contracts

TSO

Local
baselines

Flexibility
offers

Settlement

DSO

Flexibility
needs

Flexibility
activation
requests

Flexibility
platform
Time

Outline

Introduction
Coordination problems with flexible accesses
Dynamic access ranges
DSIMA: an interaction model simulator
Results

Case study
Results are given for a 75 bus test system.
Results show that the DSO should consider

a security margin of at least 30% to avoid


shedding issues.
Welfare of the dynamic model is compared

to a restrictive model where there is no


flexible ranges and only safe access ranges.
A practical choice for this application would

be to consider security margins of 40%.


Welfare would be increased with respect to
the restricted model by 47% and the total
production by 55%.

Evolution of the yearly shed production with the relative


maximal deviation parameter considered by the DSO
700

Total energy shed [MWh]

600
500
400
300
200
100
0
0

10

15

20
Security margin [%]

25

30

35

40

Welfare and total production increase as a function of the


relative maximal deviation parameter
with respect to a conservative interaction model.
57.5
55.0
52.5
50.0
47.5
45.0
42.5
0

10

20

30

40

50

60

70

80

90

Security margin [%]


Relative welfare increase [%]

Relative production increase [%]

100

Conclusion
Summary
Study of flexibility services exchanges within a distribution system.
Proposal of an interaction model with dynamic access bounds.
These bounds are computed using baseline proposals.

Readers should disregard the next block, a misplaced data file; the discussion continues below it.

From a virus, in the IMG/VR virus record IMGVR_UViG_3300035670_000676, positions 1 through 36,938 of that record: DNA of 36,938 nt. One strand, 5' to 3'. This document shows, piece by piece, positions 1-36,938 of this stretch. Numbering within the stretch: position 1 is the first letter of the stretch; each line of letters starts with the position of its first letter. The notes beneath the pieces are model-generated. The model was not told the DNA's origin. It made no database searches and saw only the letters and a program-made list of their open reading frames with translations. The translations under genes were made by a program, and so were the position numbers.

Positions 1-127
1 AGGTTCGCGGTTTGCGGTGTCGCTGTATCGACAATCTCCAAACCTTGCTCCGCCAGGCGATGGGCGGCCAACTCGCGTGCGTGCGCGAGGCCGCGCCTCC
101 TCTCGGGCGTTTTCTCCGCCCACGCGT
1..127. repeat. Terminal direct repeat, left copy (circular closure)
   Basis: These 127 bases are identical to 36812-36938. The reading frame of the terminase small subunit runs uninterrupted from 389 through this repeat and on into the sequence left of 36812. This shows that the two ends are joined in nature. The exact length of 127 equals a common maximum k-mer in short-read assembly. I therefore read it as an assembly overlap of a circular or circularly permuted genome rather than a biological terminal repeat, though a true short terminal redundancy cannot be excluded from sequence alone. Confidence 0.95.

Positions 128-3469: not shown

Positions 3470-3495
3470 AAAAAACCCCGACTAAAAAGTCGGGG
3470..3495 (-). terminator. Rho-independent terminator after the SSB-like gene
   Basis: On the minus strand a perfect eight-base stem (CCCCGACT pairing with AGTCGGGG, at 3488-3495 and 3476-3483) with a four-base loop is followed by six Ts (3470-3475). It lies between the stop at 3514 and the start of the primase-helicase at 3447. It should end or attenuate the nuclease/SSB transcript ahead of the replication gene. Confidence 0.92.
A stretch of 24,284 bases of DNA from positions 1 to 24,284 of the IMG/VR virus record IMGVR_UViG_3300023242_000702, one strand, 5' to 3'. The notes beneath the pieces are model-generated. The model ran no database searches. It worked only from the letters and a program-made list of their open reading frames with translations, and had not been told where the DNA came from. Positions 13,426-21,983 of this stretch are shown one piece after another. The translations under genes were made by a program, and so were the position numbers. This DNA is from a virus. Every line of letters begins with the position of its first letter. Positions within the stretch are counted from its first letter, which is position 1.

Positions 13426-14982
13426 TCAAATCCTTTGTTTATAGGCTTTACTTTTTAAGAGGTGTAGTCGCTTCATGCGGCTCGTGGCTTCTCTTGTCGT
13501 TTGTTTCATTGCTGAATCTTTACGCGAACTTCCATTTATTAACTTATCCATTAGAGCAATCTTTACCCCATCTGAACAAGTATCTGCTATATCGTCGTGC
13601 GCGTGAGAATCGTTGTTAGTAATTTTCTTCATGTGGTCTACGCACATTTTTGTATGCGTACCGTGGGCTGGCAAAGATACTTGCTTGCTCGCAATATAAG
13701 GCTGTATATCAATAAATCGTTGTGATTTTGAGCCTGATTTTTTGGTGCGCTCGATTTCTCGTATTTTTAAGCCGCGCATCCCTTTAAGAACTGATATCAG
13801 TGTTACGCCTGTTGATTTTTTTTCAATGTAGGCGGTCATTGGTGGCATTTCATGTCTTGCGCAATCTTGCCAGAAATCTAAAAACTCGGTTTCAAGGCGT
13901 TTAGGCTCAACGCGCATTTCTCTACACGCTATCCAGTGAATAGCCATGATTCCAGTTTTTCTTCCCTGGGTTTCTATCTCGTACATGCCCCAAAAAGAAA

Compared to restrictive accesses, this model safely increases by

55% the distributed generation and the welfare by 42.5%.

Ongoing & future work


Propose an interaction model solving the coordination problem

DSO-TSO.

Refine the modeling level: AC power flow.

Study the entry or exit of new players or production units.


Compare to network reinforcement decisions.

More information
Open-source testbed
http://www.montefiore.ulg.ac.be/~dsima

The Gredor project


http://www.gredor.be
Financed by the Public Service of Wallonia - Department of Energy
and Sustainable Building for funding this research.

Appendix - Baseline proposal: motivation


A baseline proposal incentivize a grid user to produce in its dynamic
range established on a definitive baseline.

Example: producer
Flexible range
[5, 8]MW

Baseline
8MW

Dynamic range
[0, 6]MW

Choices of the producer


1. Paying an imbalance of 2MW to the TSO.
2. Paying a penalty to the DSO for the 2MW of violation.
3. Selling a downward modulation of 1MW, produce 7MW and pay a
1MW penalty to the DSO.

Appendix - One day of a producer selling flexibility services


Assume a specific interaction model and one hour: 8 to 9am. A
producer performs the following actions:
1. Send its baseline to the TSO at the high-voltage level.
I will produce 15MWh in distribution network 42 between 8 and 9am.

2. Send its baseline to the DSO at the medium-voltage level.


I will produce 5MWh in bus 20 between 8 and 9am.

3. Obtain flexibility needs of the flexibility services users.


The DSO needs 3MWh downward in bus 20 between 8 and 9am.

4. Propose flexibility offers.


I can curtail my production by 2MWh in bus 20 between 8 and 9am.

5. Receive activation requests for the contracted services.


Curtail production by 1MWh in bus 20 between 8 and 9am.

6. Decide the final realizations.


Produce 4MWh or 5MWh in bus 20 between 8 and 9am.